I receive over a hundred emails per day, so the presence of a labeling feature on Proton Mail is a big plus for me. The ability to label emails keeps my inbox organized. In turn, it boosts my productivity, as I can prioritize messages that are more important.

Creating and using labels on Proton Mail is easy. Creating a label can be done in 3 quick steps. And then once a label is available, you can easily select emails and tag them with the right label. If you just want to show emails under a particular label, just click their label on the left panel of your screen.

A screenshot of Proton Mail showing how you can set labels

Setting up Proton Mail 2FA

Whenever an online service I sign up for supports 2-factor authentication, I make it a point to enable it. It makes me feel more secure. I'm glad Proton Mail offers 2FA even in the free version. What's more, setting up Proton Mail 2FA is super easy. I probably completed the set up in about a minute.

I was able to set up Proton Mail 2FA on the web app. Here are the general steps I took to complete the setup process.

  1. I clicked the gear icon on the upper right side of the inbox page.
  2. When the menu appeared, I clicked ‘Go to settings’.
  3. I then went to the ‘Account and password’ section and then switched on the Authenticator app toggle switch
A screenshot of Proton Mail showing the steps to enable two-factor authentication
  1. I was asked to enter my Proton Mail password. I complied and then clicked the ‘Authenticate’ button.
  2. I was then asked to scan the QR code with my authenticator app. I normally use either the Microsoft Authenticator or the Google Authenticator for this purpose.
  3. After that, I was asked to enter the code shown for Proton on my authenticator app’s screen. 

That’s it. Like I said, I completed everything in about a minute. 

Customer Support

Proton Mail offers extensive customer support options. This includes live chat, phone, email, and a Help Desk system through Zendesk. Their customer support team is available 24/7, so they can respond regardless of your time zone. Just bear in mind that only premium users are entitled to priority support. If you're using a free version, you'll only get limited support. This means you'll be given lower priority if your request coincides with that of a paid user.

You can also get help through their social media accounts. They're most active on Twitter and Reddit. But they have accounts on Instagram, Facebook, LinkedIn, Mastodon, and Youtube as well. If you have a technical question, you'll get a better response from the Reddit community.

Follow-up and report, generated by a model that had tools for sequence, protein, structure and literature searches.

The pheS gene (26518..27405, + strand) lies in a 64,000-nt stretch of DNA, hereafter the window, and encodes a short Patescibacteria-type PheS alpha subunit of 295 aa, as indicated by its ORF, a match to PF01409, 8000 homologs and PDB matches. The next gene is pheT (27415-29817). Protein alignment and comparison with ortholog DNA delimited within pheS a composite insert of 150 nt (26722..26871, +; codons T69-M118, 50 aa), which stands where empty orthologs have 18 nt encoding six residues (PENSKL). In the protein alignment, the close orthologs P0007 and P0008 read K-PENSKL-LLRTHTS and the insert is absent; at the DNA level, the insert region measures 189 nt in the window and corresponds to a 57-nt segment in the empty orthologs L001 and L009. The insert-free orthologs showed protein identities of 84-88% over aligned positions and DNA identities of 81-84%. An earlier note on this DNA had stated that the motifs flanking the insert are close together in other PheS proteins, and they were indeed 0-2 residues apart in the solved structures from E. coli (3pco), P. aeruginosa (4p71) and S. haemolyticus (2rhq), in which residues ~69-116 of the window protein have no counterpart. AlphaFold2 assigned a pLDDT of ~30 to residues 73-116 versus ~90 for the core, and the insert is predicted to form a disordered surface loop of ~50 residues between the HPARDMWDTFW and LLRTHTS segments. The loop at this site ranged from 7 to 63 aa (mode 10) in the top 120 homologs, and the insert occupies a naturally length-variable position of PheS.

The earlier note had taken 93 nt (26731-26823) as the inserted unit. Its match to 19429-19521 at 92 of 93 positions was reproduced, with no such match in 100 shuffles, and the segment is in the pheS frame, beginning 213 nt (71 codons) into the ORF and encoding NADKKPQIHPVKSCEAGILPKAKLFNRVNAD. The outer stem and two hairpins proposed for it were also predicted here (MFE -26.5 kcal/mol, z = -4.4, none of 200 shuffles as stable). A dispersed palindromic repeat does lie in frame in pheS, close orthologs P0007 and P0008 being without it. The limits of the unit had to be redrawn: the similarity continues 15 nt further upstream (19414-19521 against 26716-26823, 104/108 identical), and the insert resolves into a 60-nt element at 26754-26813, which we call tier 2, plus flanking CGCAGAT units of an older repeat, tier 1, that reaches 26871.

A screenshot of the Proton Mail subreddit at Reddit

We're now at the end of this Proton Mail review. Before we part ways, I'd like to invite you to our FAQ section. Many readers find golden nuggets of wisdom there, so feel free to scroll down a little bit more.

Proton Mail FAQ FAQ

As you explore the Proton Mail platform, you might have some queries or concerns. This section might just have the answers you're looking for. It's meant to address common questions that may have popped up along your journey. Let's dive in!

ProtonMail is no doubt one of the best secure email services out there. I’m saying this as a long-time traveler and security-conscious individual. Still, before you decide on going for any paid plan, you might want to check out Hushmail and Tutanota. They're good alternatives if you're not comfortable with ProtonMail's verification step. I'm talking about the part where you have to submit a current email address or phone number. Review the account creation process to see what I mean.

Here's a comparison table you can use to compare the three services side by side. Each service has several plans. The space is too small for all of them to fit in, so I'm just showing you the most budget-friendly individual plans. 

Individual plan monthly cost if billed annually$3.30/month / User€3.99/month / User€3.00/month / User
Storage per user10 GB15 GB20 GB
Attachment size20 MB25 MB25 MB
Encrypted email
Encrypted email to non-subscribers
OpenPGP encryption
Unlimited email alias
Electronic signatures
Web forms
Free Version
Two-factor Authentication

Yes, ProtonMail has a free version. With a free account, you get 1GB storage, 1 email account, 3 calendars, a VPN, and even a password manager. It's actually packed with features. Some of those features are even non-existent in other top email services. Hushmail, for instance, has no calendar or a VPN.

That said, it's worth noting that the 1GB storage can turn out to be too small. You can quickly run out of space due to file attachments. Still, the free account is an excellent way of trying out ProtonMail with no commitment. You don't have to submit a payment method.

An image asking whether Proton Mail is faster than Gmail

In terms of speed, it's worth noting that ProtonMail does not perform quite as swiftly as Gmail. There are a few reasons for this slight lag. Firstly, ProtonMail performs E2EE. So it needs a bit more time to encrypt and decrypt messages. Gmail doesn't perform E2EE. This minor slowdown may be noticeable. But it's a small price to pay for the advanced level of security and privacy that Proton Mail provides.

Proton Mail is owned by Proton AG, a Swiss company offering online privacy services. Proton AG is headquartered in Switzerland, a country that has strict privacy laws. Furthermore, Proton itself is GDPR (General Data Protection Regulation) compliant. GDPR is the European Union's main data privacy and security law. All this combined has profound implications. It means Proton Mail is very serious about privacy.